Cypher (2002)

Rating: B

Dir: Vincenzo Natali
Star: Jeremy Northam, Lucy Liu, Nigel Bennett, Timothy Webber

Phillip K. Dick. If you scope out any other reviews, you’ll almost inevitably notice that name cropping up, for this is probably the most accurate cinematic adaptation of his work yet, with its themes of identity, mind-control and a corporate-controlled future. Which is odd, since PKD had nothing to do with this at all. Morgan Sullivan (Northam) is a meek-mannered businessman who, to break out of a humdrum life and loveless marriage, takes a job as an industrial spy for Digicorp, tapping its’ rivals secrets, by attending conferences and recording the speeches. However, on his first mission, he meets a mysterious femme fatale (Liu), who eventually convinces him things might not quite be as they appear.

Okay, scratch “quite”. Make that “in the slightest”, for this is a head-spinner in the extreme, where no-one is quite what they seem – or, quite possibly, even who they think. Initially, it’s quite a trip, but eventually, your brain will just shrug as the twists keep coming, and as a result, you may spot the big one at the end before it arrives. It’s still an interesting mirror-image to, say, Total Recall: while that was an unashamed crowd-pleaser with occasional hints at intelligence, this is a brain-stretcher with occasional explosions. Northam is great, in a very challenging role as a man whose identity is collapsing and congealing at the same time, while Liu is solid, albeit in a part that’s hardly a stretch.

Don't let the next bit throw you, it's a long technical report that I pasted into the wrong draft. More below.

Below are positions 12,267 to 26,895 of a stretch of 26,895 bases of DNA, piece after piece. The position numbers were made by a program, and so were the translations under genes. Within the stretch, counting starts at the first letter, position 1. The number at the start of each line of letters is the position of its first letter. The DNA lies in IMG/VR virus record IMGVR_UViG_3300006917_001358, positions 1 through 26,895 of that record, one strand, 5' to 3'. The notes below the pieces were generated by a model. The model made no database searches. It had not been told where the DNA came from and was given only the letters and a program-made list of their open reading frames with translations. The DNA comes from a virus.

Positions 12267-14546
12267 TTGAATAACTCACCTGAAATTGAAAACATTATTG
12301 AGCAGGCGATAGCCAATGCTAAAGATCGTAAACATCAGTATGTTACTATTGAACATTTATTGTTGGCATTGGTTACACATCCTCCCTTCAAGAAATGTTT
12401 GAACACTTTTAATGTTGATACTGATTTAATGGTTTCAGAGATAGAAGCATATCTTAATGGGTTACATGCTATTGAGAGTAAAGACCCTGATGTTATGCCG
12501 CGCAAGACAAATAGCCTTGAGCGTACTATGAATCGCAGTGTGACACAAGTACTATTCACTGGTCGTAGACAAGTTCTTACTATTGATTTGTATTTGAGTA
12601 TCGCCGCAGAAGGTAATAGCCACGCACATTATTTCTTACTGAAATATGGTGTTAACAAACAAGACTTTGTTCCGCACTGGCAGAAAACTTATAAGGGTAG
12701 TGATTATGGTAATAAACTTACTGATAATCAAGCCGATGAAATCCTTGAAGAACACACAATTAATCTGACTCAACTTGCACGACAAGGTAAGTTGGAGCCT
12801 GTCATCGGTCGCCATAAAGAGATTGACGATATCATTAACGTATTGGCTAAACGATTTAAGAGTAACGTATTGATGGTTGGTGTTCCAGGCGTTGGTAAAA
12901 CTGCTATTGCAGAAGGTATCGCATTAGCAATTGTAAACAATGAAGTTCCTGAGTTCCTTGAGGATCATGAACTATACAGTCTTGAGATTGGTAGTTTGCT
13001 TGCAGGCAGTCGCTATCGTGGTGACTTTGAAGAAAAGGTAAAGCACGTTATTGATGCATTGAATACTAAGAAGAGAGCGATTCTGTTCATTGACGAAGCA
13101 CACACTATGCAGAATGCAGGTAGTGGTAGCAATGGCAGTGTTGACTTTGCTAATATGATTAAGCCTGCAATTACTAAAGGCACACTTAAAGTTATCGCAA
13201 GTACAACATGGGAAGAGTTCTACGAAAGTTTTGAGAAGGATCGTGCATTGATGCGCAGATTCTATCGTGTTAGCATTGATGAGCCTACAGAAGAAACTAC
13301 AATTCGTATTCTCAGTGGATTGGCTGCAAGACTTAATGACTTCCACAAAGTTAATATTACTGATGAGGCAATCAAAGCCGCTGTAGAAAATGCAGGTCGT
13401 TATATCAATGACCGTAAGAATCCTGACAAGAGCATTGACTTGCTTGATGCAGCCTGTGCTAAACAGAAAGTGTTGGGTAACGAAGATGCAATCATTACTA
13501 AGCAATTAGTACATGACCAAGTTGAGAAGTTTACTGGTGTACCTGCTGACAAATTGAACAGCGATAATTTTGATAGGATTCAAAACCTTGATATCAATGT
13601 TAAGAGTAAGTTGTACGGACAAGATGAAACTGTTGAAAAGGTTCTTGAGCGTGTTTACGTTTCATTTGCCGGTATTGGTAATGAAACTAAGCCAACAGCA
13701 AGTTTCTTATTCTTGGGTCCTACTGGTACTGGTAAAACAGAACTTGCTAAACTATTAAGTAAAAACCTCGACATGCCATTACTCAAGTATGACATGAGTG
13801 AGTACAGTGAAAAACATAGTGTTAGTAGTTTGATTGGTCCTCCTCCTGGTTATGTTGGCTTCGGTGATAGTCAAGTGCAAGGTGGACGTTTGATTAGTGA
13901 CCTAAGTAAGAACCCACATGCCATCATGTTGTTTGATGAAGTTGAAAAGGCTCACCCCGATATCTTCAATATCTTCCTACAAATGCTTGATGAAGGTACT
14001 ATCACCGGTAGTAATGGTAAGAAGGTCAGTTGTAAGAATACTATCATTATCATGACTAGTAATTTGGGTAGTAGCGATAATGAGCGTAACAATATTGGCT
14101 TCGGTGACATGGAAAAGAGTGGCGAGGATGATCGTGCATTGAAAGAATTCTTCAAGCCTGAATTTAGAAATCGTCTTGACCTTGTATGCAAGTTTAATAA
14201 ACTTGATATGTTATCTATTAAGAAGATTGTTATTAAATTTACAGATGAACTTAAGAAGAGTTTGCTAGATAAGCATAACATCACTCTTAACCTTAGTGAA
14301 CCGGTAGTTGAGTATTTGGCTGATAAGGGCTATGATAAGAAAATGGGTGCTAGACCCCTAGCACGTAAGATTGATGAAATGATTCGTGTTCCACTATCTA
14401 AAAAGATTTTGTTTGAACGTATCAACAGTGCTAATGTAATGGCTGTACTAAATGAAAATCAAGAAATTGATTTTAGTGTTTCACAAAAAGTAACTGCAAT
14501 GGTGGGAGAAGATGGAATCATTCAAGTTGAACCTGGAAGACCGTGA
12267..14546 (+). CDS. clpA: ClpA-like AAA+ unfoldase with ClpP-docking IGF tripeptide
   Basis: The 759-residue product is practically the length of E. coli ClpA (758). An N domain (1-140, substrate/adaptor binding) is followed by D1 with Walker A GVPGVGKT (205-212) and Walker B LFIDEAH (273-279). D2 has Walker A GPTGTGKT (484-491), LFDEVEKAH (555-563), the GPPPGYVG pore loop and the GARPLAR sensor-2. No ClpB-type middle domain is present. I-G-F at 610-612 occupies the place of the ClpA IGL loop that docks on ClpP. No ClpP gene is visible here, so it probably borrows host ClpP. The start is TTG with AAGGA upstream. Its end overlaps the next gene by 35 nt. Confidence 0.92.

The look is also interesting – though the film literally jets around between San Diego, Buffalo, Boise and Kansas, it all looks the same. The setting are mostly hotels, airplanes, convention centers, company offices, with the colours all bleached into a sameness. But there’s a lot going on beneath the surface – again, literally – and the film then blossoms with an impressive visual style, reminiscent of Brazil. It does derail somewhat in the end, with a finale that isn’t as thoughtful as the rest of the movie, yet on the whole this is smartly-written, well-acted and elegantly-directed cinema.